Some well-known APIs that claim to be RESTful fail this sub-constraint. For example, Twitter’s REST APIs uses RPC-like URIs like statuses/destroy/:id and it’s the same with Flickr.

The problem is that they break the Uniform Interface requirement, which adds unnecessary complexity to their APIs.

4.2 Manipulation of Resources through Representations

The second sub-constraint in the Uniform Interface is that resources are manipulated through representations.

This means that the client does not interact directly with the server’s resource. For example, we don’t allow the client to run SQL statements against our database tables.

Instead, the server exposes a representation of the resource’s state. It can sound complicated, but it’s not.

It just means that we show the resource’s data (i.e. state) in a neutral format. This is similar to how the data for a web page can be stored in a database, but is always send to the browser in HTML.

The most common format for RESTful web services is JSON, which is used in the body of the HTTP requests and responses:

  "id": 12,
  "firstname": "Han",

When a client wants to update the resource, it gets a representation of that resource from the server, updates the representation with the new data, send the updated representation to the server, and ask the server to update its resource so it corresponds with the new representation.

The benefit is that you avoid a strong coupling between the client and server (like with RMI in Java), so you can change the underlying implementation without affecting the clients. It also makes it easier for clients as they don’t need to understand the underlying technology used by each server that they interact with.

4.3 Self-Descriptive Messages

The third constraint in the Uniform Interface is that each message (i.e. request/response) must include enough information for the receiver to understand it in isolation.

Each message must have a media type (for instance, application/json or application/xml) that tells the receiver how the message should be parsed.

HTTP is not formally required for RESTful web services, but if you use the HTTP methods you should follow their formal meaning, so the user won’t rely on out of band information to understand them (i.e. don’t use POST to retrieve data, or GET to save data).

So for the Customer URIs, which we defined earlier, we can expose the following methods for the client to use:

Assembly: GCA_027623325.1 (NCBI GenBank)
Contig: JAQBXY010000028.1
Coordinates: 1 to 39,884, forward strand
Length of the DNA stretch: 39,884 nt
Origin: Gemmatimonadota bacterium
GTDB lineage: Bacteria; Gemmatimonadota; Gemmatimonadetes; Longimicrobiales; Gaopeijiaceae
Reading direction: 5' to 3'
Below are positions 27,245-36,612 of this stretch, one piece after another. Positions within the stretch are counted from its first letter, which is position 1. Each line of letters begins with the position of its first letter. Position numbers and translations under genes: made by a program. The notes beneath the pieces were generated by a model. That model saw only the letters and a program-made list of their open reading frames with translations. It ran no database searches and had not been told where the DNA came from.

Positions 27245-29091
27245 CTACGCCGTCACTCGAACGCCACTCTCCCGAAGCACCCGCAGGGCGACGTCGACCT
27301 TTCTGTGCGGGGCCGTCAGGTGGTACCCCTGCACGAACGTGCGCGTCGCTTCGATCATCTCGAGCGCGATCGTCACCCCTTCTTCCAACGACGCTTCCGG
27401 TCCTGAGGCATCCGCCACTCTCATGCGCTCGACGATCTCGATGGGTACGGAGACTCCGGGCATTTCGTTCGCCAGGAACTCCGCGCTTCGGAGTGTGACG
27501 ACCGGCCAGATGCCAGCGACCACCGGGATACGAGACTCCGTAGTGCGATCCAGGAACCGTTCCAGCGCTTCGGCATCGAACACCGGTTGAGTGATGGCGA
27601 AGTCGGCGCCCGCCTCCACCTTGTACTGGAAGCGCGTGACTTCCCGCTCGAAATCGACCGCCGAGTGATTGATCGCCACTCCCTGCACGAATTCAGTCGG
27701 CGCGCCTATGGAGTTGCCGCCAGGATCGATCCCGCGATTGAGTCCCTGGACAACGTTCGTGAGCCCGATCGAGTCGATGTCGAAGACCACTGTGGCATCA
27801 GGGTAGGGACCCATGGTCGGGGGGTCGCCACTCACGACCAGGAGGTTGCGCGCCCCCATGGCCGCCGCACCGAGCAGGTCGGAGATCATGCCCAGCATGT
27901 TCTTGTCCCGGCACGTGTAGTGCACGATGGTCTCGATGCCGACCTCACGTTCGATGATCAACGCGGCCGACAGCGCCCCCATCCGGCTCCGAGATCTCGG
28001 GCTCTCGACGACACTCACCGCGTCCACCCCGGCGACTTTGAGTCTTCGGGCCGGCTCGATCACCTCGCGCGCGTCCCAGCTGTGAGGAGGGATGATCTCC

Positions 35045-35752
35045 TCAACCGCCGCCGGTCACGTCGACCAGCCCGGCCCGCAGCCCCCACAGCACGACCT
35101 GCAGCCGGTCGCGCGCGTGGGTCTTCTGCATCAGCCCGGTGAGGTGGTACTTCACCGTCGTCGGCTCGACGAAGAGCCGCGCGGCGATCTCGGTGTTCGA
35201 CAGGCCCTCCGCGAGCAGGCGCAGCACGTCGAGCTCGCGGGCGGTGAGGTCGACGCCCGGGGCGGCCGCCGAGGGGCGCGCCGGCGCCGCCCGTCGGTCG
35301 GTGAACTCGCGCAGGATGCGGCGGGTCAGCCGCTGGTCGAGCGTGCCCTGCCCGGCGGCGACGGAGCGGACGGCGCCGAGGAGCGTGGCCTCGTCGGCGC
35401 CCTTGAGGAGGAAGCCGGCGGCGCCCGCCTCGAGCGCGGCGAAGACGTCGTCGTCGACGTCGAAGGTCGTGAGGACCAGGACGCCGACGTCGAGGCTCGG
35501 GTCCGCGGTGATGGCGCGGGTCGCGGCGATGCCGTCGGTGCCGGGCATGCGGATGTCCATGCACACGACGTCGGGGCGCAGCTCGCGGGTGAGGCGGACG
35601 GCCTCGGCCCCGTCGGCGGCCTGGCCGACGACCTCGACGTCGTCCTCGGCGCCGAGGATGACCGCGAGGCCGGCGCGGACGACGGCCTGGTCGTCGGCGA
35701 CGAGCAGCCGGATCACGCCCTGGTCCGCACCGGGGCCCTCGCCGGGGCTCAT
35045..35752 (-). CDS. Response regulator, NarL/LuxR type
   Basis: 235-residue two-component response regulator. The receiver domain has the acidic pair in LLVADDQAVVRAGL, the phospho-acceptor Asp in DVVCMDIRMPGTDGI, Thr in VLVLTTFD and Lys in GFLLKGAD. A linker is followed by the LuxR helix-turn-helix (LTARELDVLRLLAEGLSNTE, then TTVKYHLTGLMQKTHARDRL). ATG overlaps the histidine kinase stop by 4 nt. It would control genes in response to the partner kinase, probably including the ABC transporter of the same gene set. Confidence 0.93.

Task Method Path
Create a new customer POST /customers
Delete an existing customer DELETE /customers/{id}
Get a specific customer GET /customers/{id}
Search for customers GET /customers
Update an existing customer PUT /customers/{id}

The benefit is that the four HTTP methods are clearly defined, so an API user who knows HTTP, but doesn’t know our system can quickly guess what the service is doing by only looking at the HTTP method and URI path (i.e. if you hide the first column, a person who knows HTTP can guess what it says based on the two new columns).

Another cool thing about self-descriptive message is that (similar to statelessness) you can understand and reason about the message in isolation. You don’t need some out-of-band information to decipher it, which again simplifies things.

4.4 Hypermedia as the Engine of Application State

The fourth and final sub-constraint in the Uniform Interface is called Hypermedia as the Engine of Application State (HATEOAS). It sounds a bit overwhelming, but in reality it’s a simple concept.

A web page is an instance of application state, hypermedia is text with hyperlinks. The hypermedia drives (i.e. engine) the application state. In other words, we click on links to move to new pages (i.e. application states).

So when you are surfing the web, you are using hypermedia as the engine of application state!

So it basically means that we should use links (i.e. hypermedia) to navigate through the application. The opposite would be to take an Customer ID from one service call, and then use it as an input parameter to another service call.

It should work like a good web site where you just enter the URI and then you just follow the links that are provided on the web pages. You don’t need to know more than the initial URI.

For example, inside a customer representation there could be a links section with links to the customer’s orders:

  "_links": {
    "self": {
    "orders": {

The service can also provide the links in the Link HTTP header, and W3C is working on a standard definition for the relation types, so we can use standardized meanings which further helps the user.